• For $17, you get $35 worth of Japanese fare and sushi during dinner. • For $8, you get $16 worth of Japanese fare and sushi during lunch. Irashiai's chefs parade an extensive menu of handmade sashimi, nigiri, and maki before diners in the restaurant's new location. Black-caviar sashimi ($3.50 for lunch, $3.75 for dinner) admits diners into elegance like a butler's secret handshake, and nigiri aficionados can sample sticky rice topped with such offerings as fried oyster ($2.00) or shrimp ($1.50). The island roll with panko fried tuna, citrus tobiko, and ponzu sauce ($6.95) tickles taste buds with tropical flavors without committing the faux pas of eating a lei. Yakisoba sautéed with thin egg noodles ($8.50) brims with chicken and veggies captured before they could set out on their morning swim, and a wide variety of bento boxes and lunch combos frolics beneath the restaurant's wasabi-green walls.
At Sogo Fusion, monkey rolls come arranged in tidy rows across a square plate, piled high with mounds of tempura seafood that lend the rolls the appearance of squat, tiny huts. The monkey roll is just one of dozens of artfully arranged platters. Chefs strive to match their creative presentations with equally inspired ingredients: tempura-battered seafood stars in many of the rolls, a crisp and savory batter complementing the bright flavors of mango and kiwi. In addition to sushi, they grill up Japanese hibachi entrees and simmer spicy Thai curries, which ensure that chopsticks stay too busy to assist with diners’ walrus impressions.
The culinary authors at Utage Athens Sushi Bar compose compelling nonfiction masterpieces about tasty Japanese cuisine. The 10-piece lobster-roll dish, a maki plate, weaves avocado, cucumber, lettuce, and masago into a flavorful fabric of deep-fried lobster ($12.50). Utage stultifies hunger with 26 varieties of authentic raw nigiri, one for each human sense.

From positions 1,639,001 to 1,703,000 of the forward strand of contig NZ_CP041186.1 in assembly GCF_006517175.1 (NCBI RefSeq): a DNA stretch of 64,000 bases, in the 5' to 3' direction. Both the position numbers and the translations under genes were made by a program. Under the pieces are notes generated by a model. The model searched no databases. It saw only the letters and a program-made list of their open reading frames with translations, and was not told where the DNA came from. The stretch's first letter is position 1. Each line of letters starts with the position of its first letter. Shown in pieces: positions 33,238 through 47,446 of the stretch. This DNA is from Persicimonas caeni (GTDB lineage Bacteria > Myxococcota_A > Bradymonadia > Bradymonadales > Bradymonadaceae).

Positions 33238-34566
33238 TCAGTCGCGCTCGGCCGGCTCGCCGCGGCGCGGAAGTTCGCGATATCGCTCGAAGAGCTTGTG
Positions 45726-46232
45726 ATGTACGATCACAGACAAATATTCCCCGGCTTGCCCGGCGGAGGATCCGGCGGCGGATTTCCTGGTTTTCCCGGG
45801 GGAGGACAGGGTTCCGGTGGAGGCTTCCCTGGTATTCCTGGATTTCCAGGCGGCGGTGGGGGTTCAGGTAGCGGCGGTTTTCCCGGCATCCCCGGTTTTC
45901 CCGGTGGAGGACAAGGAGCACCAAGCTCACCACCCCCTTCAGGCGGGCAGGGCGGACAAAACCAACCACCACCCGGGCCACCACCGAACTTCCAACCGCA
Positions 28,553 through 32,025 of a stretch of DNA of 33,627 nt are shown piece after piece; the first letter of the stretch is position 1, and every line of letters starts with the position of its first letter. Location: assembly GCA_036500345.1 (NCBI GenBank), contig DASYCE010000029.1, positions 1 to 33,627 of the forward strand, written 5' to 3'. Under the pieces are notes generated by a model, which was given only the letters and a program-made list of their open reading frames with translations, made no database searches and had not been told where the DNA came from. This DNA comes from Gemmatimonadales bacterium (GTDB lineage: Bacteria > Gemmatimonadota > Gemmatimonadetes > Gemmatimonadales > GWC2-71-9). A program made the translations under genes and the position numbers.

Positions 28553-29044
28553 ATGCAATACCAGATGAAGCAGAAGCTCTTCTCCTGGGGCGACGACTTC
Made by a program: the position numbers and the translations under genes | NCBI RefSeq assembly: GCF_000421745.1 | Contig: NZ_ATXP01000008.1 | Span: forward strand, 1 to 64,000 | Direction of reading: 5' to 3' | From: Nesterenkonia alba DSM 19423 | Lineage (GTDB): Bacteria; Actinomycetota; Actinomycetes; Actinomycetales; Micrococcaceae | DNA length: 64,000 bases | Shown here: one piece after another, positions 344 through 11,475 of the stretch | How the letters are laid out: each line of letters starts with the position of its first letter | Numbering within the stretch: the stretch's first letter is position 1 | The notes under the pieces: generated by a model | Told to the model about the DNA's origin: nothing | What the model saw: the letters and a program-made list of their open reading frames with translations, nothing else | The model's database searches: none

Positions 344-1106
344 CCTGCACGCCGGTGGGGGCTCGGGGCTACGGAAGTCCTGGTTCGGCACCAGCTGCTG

Sushi fans will find plenty of familiar favorites at Inoko Sushi Express, including standards like spicy tuna rolls, tempura crab-stuffed spider rolls, and fresh avocado rolls. But the chefs here also put their own creative spin on sushi, whipping up bagel rolls stuffed with salmon and cream cheese, and reconstructing an old staple, the California roll, by breading and deep-frying the entire thing. Beyond sushi, they also craft traditional Japanese entrees like chicken katsu, or hibachi specialties like chicken and mango teriyaki. And they don't just cater to the lunch- and dinner-time crowds: three nights a week, Inoko Sushi Expres stays open until 1 a.m., tempting night owls and jet-lagged early birds with a special late-night menu.
Ganbei is a Japanese word often said before downing a drink, the same way Americans would say "cheers!" Like its namesake phrase, Ganbei the restaurant conjures an open, congenial atmosphere. The dining room’s modern design lends itself to vibrant nightlife: behind a sleek black bar, liquor bottles glow against a backdrop of neon-green lights; neon-blue chandeliers, like the night’s most dedicated partygoers, dangle from the ceiling.
But the most impressive decor arrives on the stark white plates of the restaurant's menu. Sauces drizzle at angles across specialty rolls such as the Godzilla, a bundle of tempura shrimp, cucumber, cream cheese, and avocado sprinkled with tempura flakes. Sweet shrimp erupt out of the center of a plate, positioned at an angle, and wooden boats creak with the weight of expertly cut sashimi.
The Nakato family first opened its eponymous restaurant in Charlotte in 1976, the year mankind discovered fish. Today, their team of seasoned hibachi chefs span three locations, where they prepare entrees of filet mignon, chicken, and veggies with tofu in a showy teppanyaki style atop tableside grills. Each entree arrives with an array of sides, ranging from onion soup to noodles and rice. Behind their own counters, sushi chefs coil rolls filled with smelt roe and spicy aioli and slice tender pieces of tuna and salmon sashimi.